Jackson County reports five cases of Lyme disease
Jackson County is seeing a small increase in the number of cases of Lyme Disease this year.
LANSING, Mich. (WILX) -The Jackson County Health Department is reporting five new cases of Lyme disease this summer.
Over the last five years, Jackson County has averaged two cases of Lyme disease for the entire year. This year, the cases increased only halfway through their most active season.
The rising incidence of Lyme disease is due to a number of factors, including:
● Increased tick abundance
● Overabundant deer population
● Increased recognition of the disease
● Establishment of more residences in wooded areas
● Increased potential for contact with ticks
Lyme disease is caused by the bacterium Borrelia burgdorferi and is transmitted by the blacklegged, or deer, tick. It is the most common vector-borne disease in the United States and has been progressively spreading across Michigan.
Tick exposure can occur year-round, but ticks are most active during warmer months. With the steady increase in the incidence and geographic spread of Lyme disease, the Jackson County Health Department asks residents to take steps to protect themselves from tick bites.
Jackson County Health Officer Rishmi Travis said Lyme disease could cause serious health issues.
Travis said symptoms of being bit by a tick and contracting Lyme disease are “a bull-like rash that occurs in the area that the person got bit.”
“Not all cases see that,” Travis said. “Flu-like symptoms and fever. They may also develop into joint pain and stiffness in their joints.”
The majority of cases can be treated successfully with antibiotics. Finding and removing ticks promptly — within 24 hours — can prevent Lyme disease.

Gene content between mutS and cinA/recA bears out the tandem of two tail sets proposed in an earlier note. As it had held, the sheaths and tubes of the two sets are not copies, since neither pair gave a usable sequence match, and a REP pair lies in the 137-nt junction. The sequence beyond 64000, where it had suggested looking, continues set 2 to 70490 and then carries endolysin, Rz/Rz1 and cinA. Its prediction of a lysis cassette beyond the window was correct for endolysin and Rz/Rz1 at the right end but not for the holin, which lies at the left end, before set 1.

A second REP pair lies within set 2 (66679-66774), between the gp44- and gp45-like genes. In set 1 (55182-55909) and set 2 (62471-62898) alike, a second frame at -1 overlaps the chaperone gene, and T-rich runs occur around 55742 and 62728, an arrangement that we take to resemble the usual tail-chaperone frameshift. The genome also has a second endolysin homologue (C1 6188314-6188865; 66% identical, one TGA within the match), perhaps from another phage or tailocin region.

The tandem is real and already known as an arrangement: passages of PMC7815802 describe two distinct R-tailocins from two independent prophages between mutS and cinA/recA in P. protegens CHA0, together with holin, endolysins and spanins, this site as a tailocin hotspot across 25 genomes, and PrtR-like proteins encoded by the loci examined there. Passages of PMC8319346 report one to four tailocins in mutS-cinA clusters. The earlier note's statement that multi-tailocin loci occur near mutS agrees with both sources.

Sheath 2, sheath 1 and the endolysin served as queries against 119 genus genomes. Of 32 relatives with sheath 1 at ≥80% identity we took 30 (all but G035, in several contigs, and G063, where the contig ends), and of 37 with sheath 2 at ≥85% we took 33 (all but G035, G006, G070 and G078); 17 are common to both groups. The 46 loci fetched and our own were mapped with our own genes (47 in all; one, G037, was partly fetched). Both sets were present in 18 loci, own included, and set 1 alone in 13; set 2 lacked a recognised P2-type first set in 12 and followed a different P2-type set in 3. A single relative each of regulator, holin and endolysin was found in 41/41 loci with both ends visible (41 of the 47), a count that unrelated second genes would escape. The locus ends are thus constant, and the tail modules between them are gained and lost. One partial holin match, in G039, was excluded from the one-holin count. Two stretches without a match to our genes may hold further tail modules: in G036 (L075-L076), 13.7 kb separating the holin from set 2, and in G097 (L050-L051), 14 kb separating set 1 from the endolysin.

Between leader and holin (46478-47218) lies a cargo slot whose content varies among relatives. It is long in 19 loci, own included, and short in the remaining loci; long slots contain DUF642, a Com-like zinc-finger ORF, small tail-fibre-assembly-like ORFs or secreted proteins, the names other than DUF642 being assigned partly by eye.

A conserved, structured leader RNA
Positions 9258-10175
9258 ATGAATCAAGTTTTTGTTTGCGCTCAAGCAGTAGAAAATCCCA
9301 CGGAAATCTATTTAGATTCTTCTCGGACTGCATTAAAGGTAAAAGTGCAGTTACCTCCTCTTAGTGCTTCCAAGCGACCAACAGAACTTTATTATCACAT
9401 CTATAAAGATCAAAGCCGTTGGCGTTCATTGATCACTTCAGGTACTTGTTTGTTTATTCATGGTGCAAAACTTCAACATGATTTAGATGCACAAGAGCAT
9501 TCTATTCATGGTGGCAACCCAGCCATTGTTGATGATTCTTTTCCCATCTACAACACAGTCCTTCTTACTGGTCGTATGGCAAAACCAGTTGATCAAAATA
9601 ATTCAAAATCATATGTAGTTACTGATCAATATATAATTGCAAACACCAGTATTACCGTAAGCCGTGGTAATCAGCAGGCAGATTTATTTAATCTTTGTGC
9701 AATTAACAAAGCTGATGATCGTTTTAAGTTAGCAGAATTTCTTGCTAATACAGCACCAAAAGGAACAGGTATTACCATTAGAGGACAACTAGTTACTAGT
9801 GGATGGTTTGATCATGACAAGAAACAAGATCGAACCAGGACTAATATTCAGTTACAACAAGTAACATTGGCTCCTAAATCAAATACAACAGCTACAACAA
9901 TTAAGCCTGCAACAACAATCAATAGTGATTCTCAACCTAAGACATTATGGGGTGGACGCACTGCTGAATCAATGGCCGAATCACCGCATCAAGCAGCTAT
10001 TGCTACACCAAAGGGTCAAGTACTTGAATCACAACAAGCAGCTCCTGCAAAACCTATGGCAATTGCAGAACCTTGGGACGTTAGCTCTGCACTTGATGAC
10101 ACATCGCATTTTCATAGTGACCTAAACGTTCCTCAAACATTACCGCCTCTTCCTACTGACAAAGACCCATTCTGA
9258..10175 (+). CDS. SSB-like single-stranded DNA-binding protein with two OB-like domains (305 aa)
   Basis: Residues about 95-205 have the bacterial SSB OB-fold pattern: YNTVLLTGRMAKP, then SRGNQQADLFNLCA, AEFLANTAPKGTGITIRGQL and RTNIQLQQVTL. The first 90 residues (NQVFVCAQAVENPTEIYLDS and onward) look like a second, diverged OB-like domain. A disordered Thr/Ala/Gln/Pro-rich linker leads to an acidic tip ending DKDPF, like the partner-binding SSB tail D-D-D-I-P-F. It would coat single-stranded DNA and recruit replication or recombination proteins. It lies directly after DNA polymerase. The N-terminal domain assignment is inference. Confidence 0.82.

Travis said the best way to avoid being bit is to stay away from wooded areas, use bug repellent and wear protective clothing, including long sleeve shirts and pants.
Always check for ticks when leaving a wooded area.
“Shake your hair out because it could be potentially in areas underneath your hair or on your neck,” said Travis.
Remember not to check for ticks inside the home. They could attach themselves to children or pets.
Any ticks that are found should be removed. Tumble dry clothes in a dryer on high heat for 10 minutes to kill ticks on dry clothing after coming indoors.
Showering within two hours of coming indoors may help wash off unattached ticks and it is a good opportunity to do a tick check.
Check under the arms, in and around the hair and ears, inside the belly button, the waist and back, back of the knees and between the legs and pelvic area for ticks.
People who have removed attached ticks from themselves, including those who have received antibiotic prophylaxis, should be monitored closely for signs and symptoms of tick-borne diseases for up to 30 days; in particular, they should be monitored for the development of an expanding skin lesion at the site of the tick bite that may suggest Lyme disease.
The Jackson County Health Department is again conducting field surveillance for ticks that cause disease in humans, including Lyme disease. Environmental Health Division staff members conduct what is called a tick drag along trails and other potential tick habitats in an attempt to capture ticks.
Any captured ticks are then collected and identified.
For additional information about Lyme disease, visit the Centers for Disease Control website at https://www.cdc.gov/lyme. For information regarding tick identification and testing, visit www.michigan.gov/emergingdiseases.
If you have questions regarding ticks or Lyme disease, please contact the Jackson County Health Department Communicable Disease office at 517-768-1664.
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